- Oral presentation
- Open Access
Towards a multi-antigen multi-stage malaria vaccine
© Hill et al; licensee BioMed Central Ltd. 2014
- Published: 22 September 2014
- Malaria Infection
- Malaria Vaccine
- Falciparum Parasite
- Effective Malaria
A highly effective malaria vaccine is a major goal of global health research and will likely require a multi-stage product. Oxford researchers are developing the concept of a highly effective multi-stage P. falciparum vaccine to the point of proof-of-concept phase II testing in Europe, prior to trials in malaria-endemic areas.
Remarkable recent advances in vaccine design for all four stages of the P. falciparum parasite’s life-cycle allow testing of a multi-stage multi-component vaccine for the first time, with strong chances of success. These advances are i) the availability of a new vectored prime-boost vaccination regime based on the chimpanzee adenovirus technology that has been found to induce exceptionally potent CD8+ T cell responses and high titre antibodies against multiple malaria antigens; ii) the development of an improved virus-like particle (VLP) version of the leading partially protective RTS,S sporozoite vaccine candidate, termed R21, that lacks the excess of HBsAg in RTS,S; iii) the identification, using a vector technology screen, of the blood-stage antigen RH5 as the first antigen to induce potent strain-transcending neutralization of blood-stage parasites in in vitro growth inhibition assays; and iv) the demonstration that antibodies against a mosquito-stage antigens that induce 100% transmission blocking against field isolates of P. falciparum in Africa are inducible by a new nanoparticle vaccine candidate.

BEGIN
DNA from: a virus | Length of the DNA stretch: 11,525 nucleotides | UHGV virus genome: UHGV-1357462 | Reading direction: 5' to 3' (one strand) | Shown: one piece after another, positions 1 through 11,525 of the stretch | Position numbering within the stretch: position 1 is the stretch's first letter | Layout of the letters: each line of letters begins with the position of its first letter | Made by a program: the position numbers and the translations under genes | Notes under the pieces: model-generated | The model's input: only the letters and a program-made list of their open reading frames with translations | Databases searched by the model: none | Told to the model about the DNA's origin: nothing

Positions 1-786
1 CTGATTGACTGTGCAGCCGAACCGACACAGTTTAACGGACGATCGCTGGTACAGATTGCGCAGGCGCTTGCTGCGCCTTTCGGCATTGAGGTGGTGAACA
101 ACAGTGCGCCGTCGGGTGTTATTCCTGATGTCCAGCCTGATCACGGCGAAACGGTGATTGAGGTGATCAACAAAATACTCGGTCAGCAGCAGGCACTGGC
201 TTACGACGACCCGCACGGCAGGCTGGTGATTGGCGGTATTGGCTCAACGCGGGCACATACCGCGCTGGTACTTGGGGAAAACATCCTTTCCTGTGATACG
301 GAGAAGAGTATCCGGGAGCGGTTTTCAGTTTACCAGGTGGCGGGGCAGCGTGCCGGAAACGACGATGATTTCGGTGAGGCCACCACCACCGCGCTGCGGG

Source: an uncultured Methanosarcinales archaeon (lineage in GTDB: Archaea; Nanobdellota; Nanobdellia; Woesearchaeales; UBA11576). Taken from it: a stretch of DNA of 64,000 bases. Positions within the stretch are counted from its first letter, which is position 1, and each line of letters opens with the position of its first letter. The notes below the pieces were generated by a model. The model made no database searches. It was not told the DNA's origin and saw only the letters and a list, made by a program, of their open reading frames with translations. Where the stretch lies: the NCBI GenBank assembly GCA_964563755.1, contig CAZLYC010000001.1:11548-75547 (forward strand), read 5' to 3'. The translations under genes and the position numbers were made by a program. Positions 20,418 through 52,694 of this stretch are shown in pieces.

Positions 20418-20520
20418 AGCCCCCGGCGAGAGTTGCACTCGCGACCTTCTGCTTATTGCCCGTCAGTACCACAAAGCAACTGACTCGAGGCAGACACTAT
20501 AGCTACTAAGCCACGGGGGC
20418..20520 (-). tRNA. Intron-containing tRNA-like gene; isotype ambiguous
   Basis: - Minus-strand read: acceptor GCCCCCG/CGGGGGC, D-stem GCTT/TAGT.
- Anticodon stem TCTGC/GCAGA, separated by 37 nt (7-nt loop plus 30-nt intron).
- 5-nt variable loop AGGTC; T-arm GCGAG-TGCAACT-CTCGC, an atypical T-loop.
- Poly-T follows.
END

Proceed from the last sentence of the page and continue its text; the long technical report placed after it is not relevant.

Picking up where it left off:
In parallel similar approaches using vectors and VLPs are underway to target the pre-erythrocytic stages of P. vivax, including the hypnozoite, and a phase I trial of the vivax blood-stage vaccine candidate, PvRII, is nearing completion.
We are aiming to undertake phase I/II clinical trials to assess the P. falciparum pre-erythrocytic, blood-stage and mosquito-stage components individually, and then together, using state-of-the art immunomonitoring, key functional assays of vaccine-induced immunogenicity, and sporozoite and blood-stage parasite challenges to measure efficacy prior to field testing. An update on this programme will be presented. A viral vectored prime-boost regime has recently shown high efficacy against malaria infection in East Africa and the first combination trial of RTS,S/AS01 with these vectors has been completed.
The prospects for achieving high efficacy with such combination approaches now appear very good.
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